(The Center Square) – Georgia lawmakers could continue to fund the state’s rural tax credit, despite finding it would take more than seven decades to see a return.
House Bill 500 authorizes a second round of funding of $100 million for the program, which provides capital funding for rural businesses. It awards tax credits to capital investors for making funding available to rural and agribusinesses.
The House approved the measure, 153-11, on Tuesday. It now heads to the Senate for consideration.
The program was established through the Georgia Agribusiness and Rural Jobs Act in 2017 to help fuel economic growth in the state’s rural areas. According to state documents, 33 businesses have received 38 investments from the 2018 tax year through the 2020 tax year, totaling $101 million.
“It gives rural agricultural businesses the opportunity to have another avenue to borrow money,” said Rep. James Burchett, R-Waycross, the main sponsor of the bill.
A December state economic analysis of the bill found it will take Georgia more than 72 years to see a return on its investment in the program.
According to the analysis, the program will have a fiscal impact of between $54.7 million and $56.3 million from tax year 2018 through tax year 2023. Most of the expenses will be from tax revenue that would have been collected from investors who participate in the program. The Georgia Department of Audits & Accounts and the Fiscal Research Center at Georgia State University estimated that would result in a $60 million loss for the state.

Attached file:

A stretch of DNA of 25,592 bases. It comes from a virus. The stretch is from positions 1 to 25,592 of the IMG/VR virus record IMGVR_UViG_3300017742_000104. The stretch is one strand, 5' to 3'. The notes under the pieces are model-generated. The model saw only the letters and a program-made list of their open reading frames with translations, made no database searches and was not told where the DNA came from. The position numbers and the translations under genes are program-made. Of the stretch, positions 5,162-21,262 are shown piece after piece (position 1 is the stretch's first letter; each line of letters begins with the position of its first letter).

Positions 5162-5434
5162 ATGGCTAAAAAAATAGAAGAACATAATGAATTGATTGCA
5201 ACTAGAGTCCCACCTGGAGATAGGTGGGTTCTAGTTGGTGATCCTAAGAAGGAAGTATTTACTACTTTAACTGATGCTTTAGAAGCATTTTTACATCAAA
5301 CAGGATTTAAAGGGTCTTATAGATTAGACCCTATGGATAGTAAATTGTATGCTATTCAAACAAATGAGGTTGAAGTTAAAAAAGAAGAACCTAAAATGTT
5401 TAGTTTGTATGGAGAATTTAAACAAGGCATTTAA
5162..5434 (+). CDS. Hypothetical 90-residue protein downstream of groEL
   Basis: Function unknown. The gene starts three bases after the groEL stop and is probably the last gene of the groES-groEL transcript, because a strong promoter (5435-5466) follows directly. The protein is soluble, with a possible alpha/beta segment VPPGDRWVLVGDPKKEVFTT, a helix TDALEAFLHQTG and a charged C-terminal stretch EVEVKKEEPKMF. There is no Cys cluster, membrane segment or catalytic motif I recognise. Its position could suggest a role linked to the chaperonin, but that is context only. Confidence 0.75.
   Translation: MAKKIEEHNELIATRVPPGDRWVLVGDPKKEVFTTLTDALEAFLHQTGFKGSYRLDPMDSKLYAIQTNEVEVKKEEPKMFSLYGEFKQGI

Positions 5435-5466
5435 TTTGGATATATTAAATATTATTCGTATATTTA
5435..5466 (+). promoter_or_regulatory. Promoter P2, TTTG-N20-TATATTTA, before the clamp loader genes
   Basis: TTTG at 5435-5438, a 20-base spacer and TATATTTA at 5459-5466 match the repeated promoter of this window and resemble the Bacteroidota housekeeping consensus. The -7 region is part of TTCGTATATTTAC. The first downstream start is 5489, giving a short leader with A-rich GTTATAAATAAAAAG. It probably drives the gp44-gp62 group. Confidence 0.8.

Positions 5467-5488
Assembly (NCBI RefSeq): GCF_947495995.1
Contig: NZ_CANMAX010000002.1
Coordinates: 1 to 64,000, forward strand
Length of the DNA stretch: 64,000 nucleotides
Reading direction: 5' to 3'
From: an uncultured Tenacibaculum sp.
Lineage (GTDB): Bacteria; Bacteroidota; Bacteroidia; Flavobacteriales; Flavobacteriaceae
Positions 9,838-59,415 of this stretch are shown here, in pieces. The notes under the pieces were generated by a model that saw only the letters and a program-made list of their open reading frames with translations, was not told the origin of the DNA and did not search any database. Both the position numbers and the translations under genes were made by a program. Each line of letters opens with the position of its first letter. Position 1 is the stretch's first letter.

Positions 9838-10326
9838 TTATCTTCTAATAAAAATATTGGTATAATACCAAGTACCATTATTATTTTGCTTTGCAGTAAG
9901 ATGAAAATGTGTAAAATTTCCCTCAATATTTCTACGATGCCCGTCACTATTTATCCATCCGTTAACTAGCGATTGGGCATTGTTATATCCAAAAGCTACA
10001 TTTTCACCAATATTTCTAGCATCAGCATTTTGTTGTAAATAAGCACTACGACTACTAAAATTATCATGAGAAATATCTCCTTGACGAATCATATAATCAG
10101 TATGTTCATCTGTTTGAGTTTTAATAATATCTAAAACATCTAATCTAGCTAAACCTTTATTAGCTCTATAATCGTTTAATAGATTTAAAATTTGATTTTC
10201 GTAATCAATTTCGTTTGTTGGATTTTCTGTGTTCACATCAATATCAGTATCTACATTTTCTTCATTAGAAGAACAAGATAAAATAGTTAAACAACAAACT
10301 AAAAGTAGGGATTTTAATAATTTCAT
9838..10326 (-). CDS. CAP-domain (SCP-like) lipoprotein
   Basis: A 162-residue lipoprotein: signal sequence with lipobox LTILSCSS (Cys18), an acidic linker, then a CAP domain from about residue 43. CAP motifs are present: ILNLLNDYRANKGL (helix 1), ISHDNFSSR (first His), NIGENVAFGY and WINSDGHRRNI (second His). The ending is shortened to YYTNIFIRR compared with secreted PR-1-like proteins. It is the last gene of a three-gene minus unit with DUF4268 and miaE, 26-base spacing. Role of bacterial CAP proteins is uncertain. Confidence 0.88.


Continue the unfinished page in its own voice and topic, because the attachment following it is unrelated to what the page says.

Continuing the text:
Rep. Matthew Wilson, D-Brookhaven, voted against the measure. He expressed concern about the absence of a provision in the bill to evaluate the effectiveness of the tax credit.
HB 500 would increase the application fee for investors from $5,000 to $25,000 and establishes an annual maintenance fee of $7,500 for each rural fund. The bill requires investors to submit an initial report to the Department of Community Affairs within 15 days after each capital investment instead of after the second year receiving the tax credit.
Burchett said by imposing the fee, lenders would be required to give more money back to the state.
The General Assembly also considered legislation to boost the program during the 2021 legislative session, but it did not cross both chambers.
Researchers project that the program will create between 290 to 415 jobs over the next five years, with an average labor income of $47,000 per job.
While investors used $7.8 million in tax credits from the program in 2020, about $15 million were granted in the 2020 tax year, leaving investors with $7.2 million in carryover credits. Researchers estimated rural investments generate between $945,000 and $1.3 million in new state and local tax revenue each year.
Gov. Brian Kemp signed a bill into law in May that allows legislative finance leaders to request economic analyses each year of existing or proposed Georgia laws that deal with tax exemptions, credits, deferrals, rebates, abatements or preferential rates.